Saturday afternoon I arrived at this welcoming place, above, Beekind in Sebastapol, to pick up the bees. I have had this date on the calendar for months now. Beekeeping is something I’ve wanted to do for years now but between city ordinances (which have since been relaxed), and having a baby and knowing we were going to move, I had to wait. Now that we are on this property and I have a few beekeeping friends I knew this was as good a time as any. Last August I picked up a copy of Storey’s Guide to Keeping Honey Bees to give me a good introduction into what I was getting into.
(the boys were glued to the two bee boxes!)
When we first moved in our generous neighbor gave us an incredible basket of edible goodies and one of them was a canning jar full of honey. When we finally met in person we asked her if she kept bees and she casually replied that she caught a wild swarm in her backyard and this was their honey. Holy Cow! Incredible! Turns out she wanted to learn a little more and start a traditional hive this year too, so together we ventured out to Beekind a few weeks ago to take on of their hands on hive installation and inspection classes. Taking that class, for me, was invaluable. And knowing that there was someone over the fence with whom I could shout out to for moral bee support is also invaluable.
Now, despite that I’ve read a book and taken a class, I am still a bumbling newbie in all of this, so when it came time to install the packages all sorts of little stumbling blocks came up such as. ‘Oh wait, the boxes are nailed together, what do we do about that?’ After finding that a hammer wasn’t going to pull out those tack strips easily we resort to a saw.
A lot of deliberation, debating and worry went into the location of the hives. We finally decided upon a part of the yard that gets little foot traffic, has a high hedge to protect from the wind and is slightly overhung by a tree to give a little afternoon shade.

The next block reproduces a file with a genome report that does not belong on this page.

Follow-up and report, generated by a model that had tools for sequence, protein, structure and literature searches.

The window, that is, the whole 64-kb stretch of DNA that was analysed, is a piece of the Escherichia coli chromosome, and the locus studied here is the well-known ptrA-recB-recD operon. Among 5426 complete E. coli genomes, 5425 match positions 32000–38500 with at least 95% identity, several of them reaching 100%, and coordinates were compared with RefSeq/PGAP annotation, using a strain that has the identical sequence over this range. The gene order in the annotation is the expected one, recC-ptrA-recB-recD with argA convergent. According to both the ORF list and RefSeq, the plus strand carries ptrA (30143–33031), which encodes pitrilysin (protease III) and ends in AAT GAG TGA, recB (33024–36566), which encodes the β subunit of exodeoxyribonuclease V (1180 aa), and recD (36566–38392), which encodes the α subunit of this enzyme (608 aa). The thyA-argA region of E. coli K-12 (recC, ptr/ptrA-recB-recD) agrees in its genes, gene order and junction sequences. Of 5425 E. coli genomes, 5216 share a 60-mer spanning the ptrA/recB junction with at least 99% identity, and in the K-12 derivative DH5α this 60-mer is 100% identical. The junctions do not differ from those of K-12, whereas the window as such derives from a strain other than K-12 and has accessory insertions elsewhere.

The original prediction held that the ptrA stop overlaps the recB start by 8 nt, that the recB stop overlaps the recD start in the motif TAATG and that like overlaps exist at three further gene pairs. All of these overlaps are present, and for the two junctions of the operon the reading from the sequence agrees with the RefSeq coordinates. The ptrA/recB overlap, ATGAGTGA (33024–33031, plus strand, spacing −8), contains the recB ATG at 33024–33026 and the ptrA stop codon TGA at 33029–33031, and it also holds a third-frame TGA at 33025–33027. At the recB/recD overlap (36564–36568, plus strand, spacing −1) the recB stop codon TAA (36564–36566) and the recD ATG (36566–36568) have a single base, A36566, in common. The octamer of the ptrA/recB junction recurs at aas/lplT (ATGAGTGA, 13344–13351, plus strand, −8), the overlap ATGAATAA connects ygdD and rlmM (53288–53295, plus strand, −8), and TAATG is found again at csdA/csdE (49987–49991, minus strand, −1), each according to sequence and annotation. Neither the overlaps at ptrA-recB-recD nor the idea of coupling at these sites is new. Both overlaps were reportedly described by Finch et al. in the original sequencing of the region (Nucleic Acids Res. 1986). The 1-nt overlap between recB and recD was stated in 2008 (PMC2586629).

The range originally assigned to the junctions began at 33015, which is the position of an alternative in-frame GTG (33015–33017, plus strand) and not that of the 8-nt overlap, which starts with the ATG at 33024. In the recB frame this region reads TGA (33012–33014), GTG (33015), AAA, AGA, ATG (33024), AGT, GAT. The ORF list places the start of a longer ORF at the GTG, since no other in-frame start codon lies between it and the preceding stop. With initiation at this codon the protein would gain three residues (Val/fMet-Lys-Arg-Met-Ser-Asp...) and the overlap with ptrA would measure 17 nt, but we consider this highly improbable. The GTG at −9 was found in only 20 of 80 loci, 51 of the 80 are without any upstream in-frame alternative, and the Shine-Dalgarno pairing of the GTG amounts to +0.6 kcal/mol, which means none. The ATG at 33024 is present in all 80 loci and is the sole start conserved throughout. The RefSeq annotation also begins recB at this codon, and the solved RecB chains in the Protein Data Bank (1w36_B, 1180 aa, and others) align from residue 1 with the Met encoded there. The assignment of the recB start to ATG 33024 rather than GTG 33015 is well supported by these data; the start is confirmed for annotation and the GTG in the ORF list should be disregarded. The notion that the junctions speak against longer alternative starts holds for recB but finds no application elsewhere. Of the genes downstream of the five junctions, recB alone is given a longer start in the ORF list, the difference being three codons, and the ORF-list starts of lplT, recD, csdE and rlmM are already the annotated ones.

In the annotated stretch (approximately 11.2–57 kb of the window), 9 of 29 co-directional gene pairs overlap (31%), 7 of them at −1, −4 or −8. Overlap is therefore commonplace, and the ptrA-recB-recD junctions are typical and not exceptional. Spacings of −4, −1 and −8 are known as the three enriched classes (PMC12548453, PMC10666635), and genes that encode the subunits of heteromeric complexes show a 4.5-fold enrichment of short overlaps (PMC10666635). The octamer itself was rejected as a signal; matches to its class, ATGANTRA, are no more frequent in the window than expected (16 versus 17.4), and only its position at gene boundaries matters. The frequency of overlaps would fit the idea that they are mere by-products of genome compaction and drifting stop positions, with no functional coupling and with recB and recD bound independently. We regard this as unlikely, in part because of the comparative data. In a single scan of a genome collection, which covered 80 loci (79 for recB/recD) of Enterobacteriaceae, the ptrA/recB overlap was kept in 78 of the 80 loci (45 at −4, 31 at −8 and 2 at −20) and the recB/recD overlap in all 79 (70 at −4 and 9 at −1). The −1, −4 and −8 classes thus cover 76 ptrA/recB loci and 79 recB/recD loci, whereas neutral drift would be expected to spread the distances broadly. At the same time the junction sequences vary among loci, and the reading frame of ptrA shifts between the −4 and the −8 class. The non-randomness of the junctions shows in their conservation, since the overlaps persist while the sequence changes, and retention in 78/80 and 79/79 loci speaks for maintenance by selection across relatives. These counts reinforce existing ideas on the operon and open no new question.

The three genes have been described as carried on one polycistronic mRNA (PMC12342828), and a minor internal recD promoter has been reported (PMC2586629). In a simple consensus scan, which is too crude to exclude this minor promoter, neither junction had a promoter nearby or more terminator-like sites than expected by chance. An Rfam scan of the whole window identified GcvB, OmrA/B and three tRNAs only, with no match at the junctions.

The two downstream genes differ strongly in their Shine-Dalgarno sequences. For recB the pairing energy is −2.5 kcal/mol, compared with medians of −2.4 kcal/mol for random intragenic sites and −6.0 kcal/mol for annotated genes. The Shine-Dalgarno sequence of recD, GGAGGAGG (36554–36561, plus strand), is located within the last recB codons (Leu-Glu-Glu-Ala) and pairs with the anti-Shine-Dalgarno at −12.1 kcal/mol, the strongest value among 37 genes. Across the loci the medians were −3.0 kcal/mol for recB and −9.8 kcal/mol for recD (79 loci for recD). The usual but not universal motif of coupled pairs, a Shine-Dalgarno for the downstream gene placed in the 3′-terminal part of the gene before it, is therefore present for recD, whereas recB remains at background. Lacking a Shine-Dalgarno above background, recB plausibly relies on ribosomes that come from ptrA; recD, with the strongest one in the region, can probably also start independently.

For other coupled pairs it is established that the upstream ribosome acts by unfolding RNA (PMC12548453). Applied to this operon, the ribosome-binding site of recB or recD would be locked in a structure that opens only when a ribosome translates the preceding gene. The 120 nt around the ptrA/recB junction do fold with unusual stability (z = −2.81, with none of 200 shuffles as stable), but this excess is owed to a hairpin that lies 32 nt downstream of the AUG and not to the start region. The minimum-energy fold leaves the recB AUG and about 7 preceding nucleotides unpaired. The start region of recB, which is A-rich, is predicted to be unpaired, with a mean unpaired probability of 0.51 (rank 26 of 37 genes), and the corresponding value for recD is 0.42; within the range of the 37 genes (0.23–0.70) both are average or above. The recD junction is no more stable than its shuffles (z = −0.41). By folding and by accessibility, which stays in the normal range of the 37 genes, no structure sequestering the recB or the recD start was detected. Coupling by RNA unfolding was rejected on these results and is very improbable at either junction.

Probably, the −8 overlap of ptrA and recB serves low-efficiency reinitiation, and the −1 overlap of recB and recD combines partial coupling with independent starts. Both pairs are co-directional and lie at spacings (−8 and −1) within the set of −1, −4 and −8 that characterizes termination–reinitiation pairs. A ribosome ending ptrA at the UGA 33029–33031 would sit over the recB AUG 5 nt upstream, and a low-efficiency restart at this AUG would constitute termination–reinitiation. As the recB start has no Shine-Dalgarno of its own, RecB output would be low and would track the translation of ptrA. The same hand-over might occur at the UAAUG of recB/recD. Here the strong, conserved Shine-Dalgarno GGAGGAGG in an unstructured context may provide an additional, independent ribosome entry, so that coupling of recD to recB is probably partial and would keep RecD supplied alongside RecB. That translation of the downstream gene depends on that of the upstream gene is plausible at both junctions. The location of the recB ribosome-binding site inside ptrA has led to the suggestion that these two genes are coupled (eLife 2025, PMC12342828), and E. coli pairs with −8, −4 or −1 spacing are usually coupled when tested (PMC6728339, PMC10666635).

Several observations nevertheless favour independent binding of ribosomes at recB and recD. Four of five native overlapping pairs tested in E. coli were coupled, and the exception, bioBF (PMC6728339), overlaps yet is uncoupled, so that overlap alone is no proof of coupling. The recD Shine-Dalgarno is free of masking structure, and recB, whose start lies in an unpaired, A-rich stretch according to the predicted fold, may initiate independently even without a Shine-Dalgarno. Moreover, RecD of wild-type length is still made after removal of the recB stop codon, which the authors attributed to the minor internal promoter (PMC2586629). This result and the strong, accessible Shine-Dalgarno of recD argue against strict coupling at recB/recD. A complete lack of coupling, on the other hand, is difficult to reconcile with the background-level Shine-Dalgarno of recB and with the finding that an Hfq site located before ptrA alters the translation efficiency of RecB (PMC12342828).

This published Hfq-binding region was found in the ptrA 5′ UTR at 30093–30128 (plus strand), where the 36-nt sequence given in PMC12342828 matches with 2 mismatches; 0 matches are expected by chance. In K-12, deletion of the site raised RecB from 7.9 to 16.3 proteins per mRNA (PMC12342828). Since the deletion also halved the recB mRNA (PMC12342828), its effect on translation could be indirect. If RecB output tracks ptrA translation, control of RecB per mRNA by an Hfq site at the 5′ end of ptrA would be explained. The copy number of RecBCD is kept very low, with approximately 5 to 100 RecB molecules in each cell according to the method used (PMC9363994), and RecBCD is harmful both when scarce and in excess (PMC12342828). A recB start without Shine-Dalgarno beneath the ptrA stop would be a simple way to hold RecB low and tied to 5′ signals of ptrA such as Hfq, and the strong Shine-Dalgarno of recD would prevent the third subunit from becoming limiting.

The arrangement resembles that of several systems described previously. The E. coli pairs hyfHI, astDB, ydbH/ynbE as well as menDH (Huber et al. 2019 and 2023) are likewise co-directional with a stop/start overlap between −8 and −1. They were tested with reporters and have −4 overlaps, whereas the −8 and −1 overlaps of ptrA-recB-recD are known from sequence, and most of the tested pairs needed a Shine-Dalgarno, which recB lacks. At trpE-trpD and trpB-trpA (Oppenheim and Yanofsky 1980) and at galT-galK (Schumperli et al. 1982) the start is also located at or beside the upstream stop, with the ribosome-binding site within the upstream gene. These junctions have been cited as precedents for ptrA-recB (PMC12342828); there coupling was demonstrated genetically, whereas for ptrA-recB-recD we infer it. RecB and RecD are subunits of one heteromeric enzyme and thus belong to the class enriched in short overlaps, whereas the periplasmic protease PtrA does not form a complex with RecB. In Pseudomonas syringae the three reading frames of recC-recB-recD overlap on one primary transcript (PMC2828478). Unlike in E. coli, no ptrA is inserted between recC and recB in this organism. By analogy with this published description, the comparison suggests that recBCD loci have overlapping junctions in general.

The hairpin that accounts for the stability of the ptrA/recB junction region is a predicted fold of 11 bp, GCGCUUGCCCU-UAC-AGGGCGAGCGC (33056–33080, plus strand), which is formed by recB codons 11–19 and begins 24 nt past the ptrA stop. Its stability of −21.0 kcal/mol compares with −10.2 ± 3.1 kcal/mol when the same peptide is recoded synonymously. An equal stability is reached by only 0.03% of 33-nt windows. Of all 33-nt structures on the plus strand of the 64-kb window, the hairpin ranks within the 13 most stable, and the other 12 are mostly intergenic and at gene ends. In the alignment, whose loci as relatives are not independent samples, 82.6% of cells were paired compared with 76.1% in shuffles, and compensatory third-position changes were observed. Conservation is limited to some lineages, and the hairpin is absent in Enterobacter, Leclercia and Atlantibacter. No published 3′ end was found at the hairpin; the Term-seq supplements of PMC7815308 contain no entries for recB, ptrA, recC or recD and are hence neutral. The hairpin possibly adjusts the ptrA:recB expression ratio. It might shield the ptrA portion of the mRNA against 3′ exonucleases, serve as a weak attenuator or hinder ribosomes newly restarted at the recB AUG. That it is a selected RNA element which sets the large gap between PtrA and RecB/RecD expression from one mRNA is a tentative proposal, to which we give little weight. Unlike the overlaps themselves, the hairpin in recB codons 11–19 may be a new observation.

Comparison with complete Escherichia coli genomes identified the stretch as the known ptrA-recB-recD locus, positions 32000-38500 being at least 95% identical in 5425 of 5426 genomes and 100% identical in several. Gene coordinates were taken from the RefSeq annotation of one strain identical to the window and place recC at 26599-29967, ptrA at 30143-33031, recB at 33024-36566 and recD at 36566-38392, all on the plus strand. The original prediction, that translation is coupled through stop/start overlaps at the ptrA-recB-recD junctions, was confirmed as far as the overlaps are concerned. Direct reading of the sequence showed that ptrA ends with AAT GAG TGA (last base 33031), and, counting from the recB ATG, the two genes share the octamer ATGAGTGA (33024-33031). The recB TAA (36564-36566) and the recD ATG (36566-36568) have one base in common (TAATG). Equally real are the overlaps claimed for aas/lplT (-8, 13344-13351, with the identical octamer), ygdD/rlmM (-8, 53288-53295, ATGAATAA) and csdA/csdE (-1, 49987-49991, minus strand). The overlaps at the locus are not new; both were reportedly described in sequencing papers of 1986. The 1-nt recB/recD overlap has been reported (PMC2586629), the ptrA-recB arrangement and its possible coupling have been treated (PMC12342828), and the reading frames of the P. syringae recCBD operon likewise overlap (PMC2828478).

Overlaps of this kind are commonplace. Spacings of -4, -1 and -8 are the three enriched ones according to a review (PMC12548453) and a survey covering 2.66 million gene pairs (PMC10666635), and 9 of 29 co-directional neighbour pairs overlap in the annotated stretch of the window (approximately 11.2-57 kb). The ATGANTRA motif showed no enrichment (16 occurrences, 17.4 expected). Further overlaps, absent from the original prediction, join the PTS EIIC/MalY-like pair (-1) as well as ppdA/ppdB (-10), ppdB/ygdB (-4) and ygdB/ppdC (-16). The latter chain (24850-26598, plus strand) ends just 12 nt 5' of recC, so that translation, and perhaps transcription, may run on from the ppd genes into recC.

What’s been great about the process is seeing how excited the boys are about it all. Our youngest son is well known to be a bee petter and the first question he had for the lady when we picked up the bees was, ‘can I hold one?’ But our oldest, as you can see above, wants to be right into it, picking things up, moving things around. He told me the other day, ‘Let’s go check on them, I just can’t resist the bees!’ I’m looking forward to them learning along with me.
Installing the bees was a little heart racing but I didn’t get stung and all in all, it went smoothly. Inside those larger boxes of bees is a small box that the queen comes in. You can see me above brushing bees off of her with some grass. There is a cork in that box that you take out and replace with a mini-marshmallow. You then rubberband her to a frame and the workers eat their way into her.
At the end of the day I got them all buttoned up and was quite proud and excited about our new venture. Yesterday I had to go back in and take out the bee boxes and reduce the hive down to one box (I had to start with two boxes since I’m using shallows), which went mostly easily, except when I came back a little later and found that one hive was swarming the removed bee package box…apparently the queen was attached to that. Sigh. So back the package box went into the hive. Then I also found that the ants (I really do hate ants!) had broken through my cinammon border and had infested the syrup of the other hive. Sigh. So more cinammon was applied and today I need to create little oil moat around the bases.
The good news is that when I went into the hives to rearrange things yesterday I saw that one hive was already drawing out it’s honeycomb and filling it with the syrup, so with any luck and if I can keep the queen in the hives, we’ll have honey this summer!